Basic Flow Path
Ok, lets start with the basics, what does the flow path through an EDI module look like?
The Feed (RO Permeate) is split into two inlet streams, 1) Dilute Feed and 2) Concentrate Feed. There are two outlet streams, 1) Product and 2) Reject.
To obtain the best EDI systems have to offer (consistent and continuous chemical-free operation), proper pretreatment design and EDI system design is a MUST! Shortcuts should not be taken!
EDI system Safeguards - There are several key safeguards that all EDI system should have in place to protect the EDI modules from improper operation. Some are required, some are highly recommended.
- Required safeguard
- Low flow alarm for product and reject flow - shown below as FE for Flow Element and FAL (Flow Alarm Low)
- RO (or EDI feed pump) interlock so EDI “runs” only when RO or feed pump is in operation - Shown on DC power controller as an interlock.
- Optional safeguard
- Product divert valve (Sends low product quality to drain)
- Low feed quality alarm (Protects EDI from high hardness or chlorine/ORP), shown as AE for Analysis Element and AL for Alarm Low
EDI systems that include ion exchange softening can usually operate at 95% recovery.
EDI systems that DO NOT include ion exchange softening must operate at 90% recovery or below.
NOTE: In some cases the recovery may be limited by the concentration of silica in the feed water, where the maximum recovery can be calculated as follows:
- Maximum recovery, % = 100 – (4 x ppm feed silica)
In the field, the silica concentration in the EDI feed water can be measured using a silica test kit.
Suggested Test Kit: Use Silica Test Kit 0.02ppm (20ppb) – Hach Model #2255000
Reclaim of EDI Reject Water
There is normally no problem using the EDI reject water for other purposes elsewhere in the plant as long as it is sent to an atmospherically vented tank to allow venting of hydrogen gas.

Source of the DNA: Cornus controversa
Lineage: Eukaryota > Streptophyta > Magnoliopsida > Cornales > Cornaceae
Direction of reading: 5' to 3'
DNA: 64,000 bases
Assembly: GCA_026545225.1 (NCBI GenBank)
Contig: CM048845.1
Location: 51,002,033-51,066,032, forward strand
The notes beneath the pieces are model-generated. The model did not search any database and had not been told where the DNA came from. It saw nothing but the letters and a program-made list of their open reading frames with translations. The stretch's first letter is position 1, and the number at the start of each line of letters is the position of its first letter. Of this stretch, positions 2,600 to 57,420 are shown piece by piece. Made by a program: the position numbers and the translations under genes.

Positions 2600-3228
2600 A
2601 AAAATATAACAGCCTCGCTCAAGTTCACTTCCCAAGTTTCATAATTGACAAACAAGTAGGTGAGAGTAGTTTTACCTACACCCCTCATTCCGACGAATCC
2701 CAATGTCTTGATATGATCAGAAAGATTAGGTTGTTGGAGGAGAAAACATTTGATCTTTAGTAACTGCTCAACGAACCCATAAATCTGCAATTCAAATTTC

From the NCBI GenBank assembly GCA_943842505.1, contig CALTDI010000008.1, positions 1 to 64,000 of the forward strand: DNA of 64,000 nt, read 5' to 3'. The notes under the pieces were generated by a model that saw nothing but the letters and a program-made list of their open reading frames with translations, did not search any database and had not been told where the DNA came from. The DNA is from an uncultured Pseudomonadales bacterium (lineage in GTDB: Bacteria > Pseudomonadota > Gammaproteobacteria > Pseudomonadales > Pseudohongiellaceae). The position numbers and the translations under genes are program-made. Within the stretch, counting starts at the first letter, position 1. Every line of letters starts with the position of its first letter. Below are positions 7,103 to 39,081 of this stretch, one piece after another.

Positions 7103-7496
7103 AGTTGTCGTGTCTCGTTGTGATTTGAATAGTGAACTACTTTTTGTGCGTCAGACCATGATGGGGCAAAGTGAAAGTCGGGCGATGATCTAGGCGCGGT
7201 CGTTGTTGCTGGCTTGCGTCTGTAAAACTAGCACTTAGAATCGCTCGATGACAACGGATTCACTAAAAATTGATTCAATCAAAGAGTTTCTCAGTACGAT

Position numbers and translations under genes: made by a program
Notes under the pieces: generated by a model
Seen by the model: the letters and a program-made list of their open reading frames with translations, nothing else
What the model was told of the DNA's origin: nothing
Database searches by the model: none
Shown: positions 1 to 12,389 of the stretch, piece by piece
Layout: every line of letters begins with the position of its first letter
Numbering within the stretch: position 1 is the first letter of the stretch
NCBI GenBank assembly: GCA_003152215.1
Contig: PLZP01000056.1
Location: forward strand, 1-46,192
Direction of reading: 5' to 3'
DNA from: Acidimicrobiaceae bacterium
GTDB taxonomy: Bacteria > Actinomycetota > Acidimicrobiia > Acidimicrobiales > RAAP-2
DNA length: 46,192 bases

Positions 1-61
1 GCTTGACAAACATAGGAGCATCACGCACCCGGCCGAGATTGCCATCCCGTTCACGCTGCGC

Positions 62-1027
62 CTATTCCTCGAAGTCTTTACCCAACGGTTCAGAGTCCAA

There are two potential issues with the recycling the EDI reject stream to the feed of the RO system: carbon dioxide (CO2) and hydrogen (H2).
1) CO2 in EDI Reject Water:
Feed water CO2 will pass through the reverse osmosis system, be removed by the EDI module and transferred to the EDI reject stream. Recycling the EDI reject to the feed of the RO system will typically result in about a 3X increase in the EDI inlet CO2 concentration, which will affect the EDI performance. This must be taken into account when performing the EDI performance projection. The use of degasification or caustic injection pre-RO can prevent the 3-fold increase in CO2 concentration.
H2 in EDI Reject Water:
To prevent the buildup of hydrogen the EDI reject must be returned to an atmospherically vented tank. Do not return the EDI reject directly into a pressurized line.
Summary - EDI Reject Reclaim
- Reject contains electrode gases & CO2
- Returning reject to RO feed increases EDI feed CO2 by up to 3X (if no degasification or NaOH injection before RO)
- May affect EDI product water quality
Other EDI "Watchouts" – Hydraulic
- Water hammer
- Simultaneous operation of product and divert valves
- Should open one before closing other
- Pressure differential between compartments
- Keep pressure slightly higher on product side (2-5 psi recommended)